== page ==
Zyxel Multy X Mesh Wi-Fi System (WSQ50) review: Zyxel’s Multy X mesh system provides reliable Wi-Fi coverage
The Zyxel Multy X is an affordable AC3000 mesh Wi-Fi system that should give you very good coverage in a medium to large home. For $300 (which converts to about £220 in the UK or AU$400 in Australia), you get two units that cover up to 2,500 square feet each and talk to each other through a superfast dedicated backhaul channel, giving you consistent speeds throughout your home. This is similar to one of our top-rated mesh Wi-Fi systems, the Netgear Orbi.
The Multy X isn’t perfect — its top speeds could be better, and it’s missing a few features, like USB network storage. That said, at this price point, it’s well worth it. It’s competitive with high-end Orbi systems and less expensive than the new Eero mesh system. I’d definitely recommend this expandable system as a good introduction for anyone new to the mesh Wi-Fi world.
Perfect fit for anywhere in your home
The Multy X is a little bulkier than most mesh devices, but it has a nice all-white design and is worth keeping out in the open, which should also give you better coverage. The two units are interchangeable, so you can use either one as your main router, unlike the Netgear Orbi. Zyxel recommends using up to four devices in total, but each additional one will set you back $200 (about £150 or AU$265). There’s also one USB 2.0 port, which doesn’t support network storage, one gigabit WAN port and three gigabit LAN ports for wired devices on each unit — which is more than you normally get on mesh devices.
Overall, Zyxel kept with the standard for mesh Wi-Fi in looks, adding sleek, arrow-shaped status lights on top. The additional LAN ports are nice, and everything is easy to access. I give the company credit for making a functional networking device that also looks good in your home.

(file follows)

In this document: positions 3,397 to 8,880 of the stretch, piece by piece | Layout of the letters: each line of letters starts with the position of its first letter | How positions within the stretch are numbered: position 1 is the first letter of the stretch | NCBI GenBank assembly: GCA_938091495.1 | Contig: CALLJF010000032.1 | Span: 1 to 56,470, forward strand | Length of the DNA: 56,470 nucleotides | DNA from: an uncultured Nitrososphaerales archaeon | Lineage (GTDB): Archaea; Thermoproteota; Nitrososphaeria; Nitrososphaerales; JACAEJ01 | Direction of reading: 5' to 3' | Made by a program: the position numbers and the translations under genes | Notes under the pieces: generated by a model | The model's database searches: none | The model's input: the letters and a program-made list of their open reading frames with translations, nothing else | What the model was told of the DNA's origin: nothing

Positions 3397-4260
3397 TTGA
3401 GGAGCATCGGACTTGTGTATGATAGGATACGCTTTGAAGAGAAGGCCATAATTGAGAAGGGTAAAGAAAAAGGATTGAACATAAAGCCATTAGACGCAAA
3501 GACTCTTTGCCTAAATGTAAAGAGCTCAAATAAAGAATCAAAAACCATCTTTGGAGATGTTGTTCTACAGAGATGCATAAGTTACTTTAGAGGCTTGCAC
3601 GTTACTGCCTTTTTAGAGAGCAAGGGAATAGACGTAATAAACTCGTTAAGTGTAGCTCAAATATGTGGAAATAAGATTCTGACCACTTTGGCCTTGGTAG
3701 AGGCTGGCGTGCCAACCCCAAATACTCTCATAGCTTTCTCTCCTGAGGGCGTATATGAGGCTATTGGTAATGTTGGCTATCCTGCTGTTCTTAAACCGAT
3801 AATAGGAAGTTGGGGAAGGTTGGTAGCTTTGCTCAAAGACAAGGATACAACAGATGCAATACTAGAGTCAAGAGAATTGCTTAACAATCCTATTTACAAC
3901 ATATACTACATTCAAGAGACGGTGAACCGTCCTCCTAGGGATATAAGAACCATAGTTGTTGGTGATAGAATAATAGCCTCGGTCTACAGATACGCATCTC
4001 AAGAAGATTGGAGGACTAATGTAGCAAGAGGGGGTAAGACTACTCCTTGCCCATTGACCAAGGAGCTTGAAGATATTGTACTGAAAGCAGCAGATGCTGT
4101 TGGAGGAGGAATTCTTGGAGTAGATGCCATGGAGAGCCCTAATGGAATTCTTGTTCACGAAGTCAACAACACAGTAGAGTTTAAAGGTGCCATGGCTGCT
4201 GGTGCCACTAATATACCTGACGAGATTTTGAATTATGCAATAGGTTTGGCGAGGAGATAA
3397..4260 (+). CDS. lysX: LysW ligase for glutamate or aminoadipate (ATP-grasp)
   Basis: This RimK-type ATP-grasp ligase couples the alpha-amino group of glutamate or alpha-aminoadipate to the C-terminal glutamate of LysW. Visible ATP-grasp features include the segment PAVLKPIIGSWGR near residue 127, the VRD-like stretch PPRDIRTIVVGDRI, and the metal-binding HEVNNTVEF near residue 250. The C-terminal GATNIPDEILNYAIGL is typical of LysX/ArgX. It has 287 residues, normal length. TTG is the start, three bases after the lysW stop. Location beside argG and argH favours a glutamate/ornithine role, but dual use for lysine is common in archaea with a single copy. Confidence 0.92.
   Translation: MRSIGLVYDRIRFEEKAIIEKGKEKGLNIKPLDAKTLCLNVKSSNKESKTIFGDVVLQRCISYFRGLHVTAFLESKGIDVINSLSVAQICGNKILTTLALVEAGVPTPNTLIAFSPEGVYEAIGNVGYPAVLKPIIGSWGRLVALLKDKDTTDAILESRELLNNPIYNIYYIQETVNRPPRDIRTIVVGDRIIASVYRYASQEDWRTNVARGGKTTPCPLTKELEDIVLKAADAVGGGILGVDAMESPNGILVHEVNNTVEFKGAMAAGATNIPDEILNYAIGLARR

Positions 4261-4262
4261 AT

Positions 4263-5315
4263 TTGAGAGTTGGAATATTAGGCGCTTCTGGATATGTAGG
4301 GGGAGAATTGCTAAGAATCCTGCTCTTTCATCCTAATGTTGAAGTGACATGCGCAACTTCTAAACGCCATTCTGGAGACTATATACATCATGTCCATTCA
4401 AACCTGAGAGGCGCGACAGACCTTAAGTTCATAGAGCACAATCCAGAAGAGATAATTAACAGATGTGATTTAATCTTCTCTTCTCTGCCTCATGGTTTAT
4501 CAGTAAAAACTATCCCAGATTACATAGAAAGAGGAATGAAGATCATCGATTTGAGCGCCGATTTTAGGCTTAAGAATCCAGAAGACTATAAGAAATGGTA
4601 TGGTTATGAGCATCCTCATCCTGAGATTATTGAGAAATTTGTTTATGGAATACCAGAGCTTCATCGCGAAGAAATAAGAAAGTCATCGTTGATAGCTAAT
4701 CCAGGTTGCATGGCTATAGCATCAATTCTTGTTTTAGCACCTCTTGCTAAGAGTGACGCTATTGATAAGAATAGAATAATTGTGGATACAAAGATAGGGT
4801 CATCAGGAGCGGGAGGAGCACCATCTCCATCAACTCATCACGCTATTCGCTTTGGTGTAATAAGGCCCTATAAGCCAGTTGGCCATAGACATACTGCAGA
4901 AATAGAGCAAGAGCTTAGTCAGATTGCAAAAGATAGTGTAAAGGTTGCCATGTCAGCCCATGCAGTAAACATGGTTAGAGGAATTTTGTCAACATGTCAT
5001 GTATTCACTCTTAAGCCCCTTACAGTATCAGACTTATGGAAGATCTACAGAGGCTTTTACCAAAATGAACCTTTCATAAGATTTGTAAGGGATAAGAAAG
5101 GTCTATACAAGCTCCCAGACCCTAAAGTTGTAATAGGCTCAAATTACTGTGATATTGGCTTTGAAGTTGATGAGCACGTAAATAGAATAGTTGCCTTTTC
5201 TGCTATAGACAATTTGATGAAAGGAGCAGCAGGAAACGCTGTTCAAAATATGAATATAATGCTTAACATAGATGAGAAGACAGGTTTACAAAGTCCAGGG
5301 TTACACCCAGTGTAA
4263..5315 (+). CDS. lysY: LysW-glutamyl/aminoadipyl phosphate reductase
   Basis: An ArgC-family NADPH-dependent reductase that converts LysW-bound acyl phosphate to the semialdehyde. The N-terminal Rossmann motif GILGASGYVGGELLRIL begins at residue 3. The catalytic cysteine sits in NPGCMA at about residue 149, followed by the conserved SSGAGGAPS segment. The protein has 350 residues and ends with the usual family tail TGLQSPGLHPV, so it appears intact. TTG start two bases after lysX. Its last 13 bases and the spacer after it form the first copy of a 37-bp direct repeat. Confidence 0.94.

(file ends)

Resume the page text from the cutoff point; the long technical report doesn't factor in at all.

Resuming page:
Easy app setup, but no web interface for management
Setup was relatively easy with one major caveat. Your only option is to use the Multy X app. In fact, Zyxel doesn’t even offer a browser-based interface to manage your settings. This is disappointing if you really want to customize your network. This is the main reason I recommend this as a starter system for people who just want a set-it-and-forget-it network.
The other issue I had with the setup is that you often have to wait while it boots up, restarts and so on. New users should check Zyxel’s product guide so you know what the blinking and solid lights mean during setup.
It does have a nice feature that tells you when a satellite unit isn’t in an ideal position but you will have to wait three or so minutes to try again. I found the sweet spot to be about 30 to 35 feet away from the main router. Your setup may differ depending what obstacles and interference exist in your environment. Also, make sure you’re in the same room as the device you’re setting up. Most mesh systems I’ve tested are fickle if your mobile device is too far away during setup.
The app is your only means of managing your network, so make sure to enable Bluetooth on your mobile device before setup, and then familiarize yourself with where everything is on the app. A few clickable menus may be hard to find at first glance.
You can change the Wi-Fi password, test the speed and signal, set up a guest network, or give the 2.4GHz and 5GHz networks the same name and password to allow band-steering, which will help your devices choose the strongest connection. All the main settings are there, along with a few advanced ones for notifications, parental controls, port forwarding and bridge mode. The app also can also tell you when a firmware upgrade is available.
Featuring almost everything you’d want
The features for the Multy X are really a mixed bag. It does have some high-end ones, but it’s missing a few as well. It doesn’t offer USB network storage for backups or advanced network prioritization for choosing which types of traffic receive more bandwidth.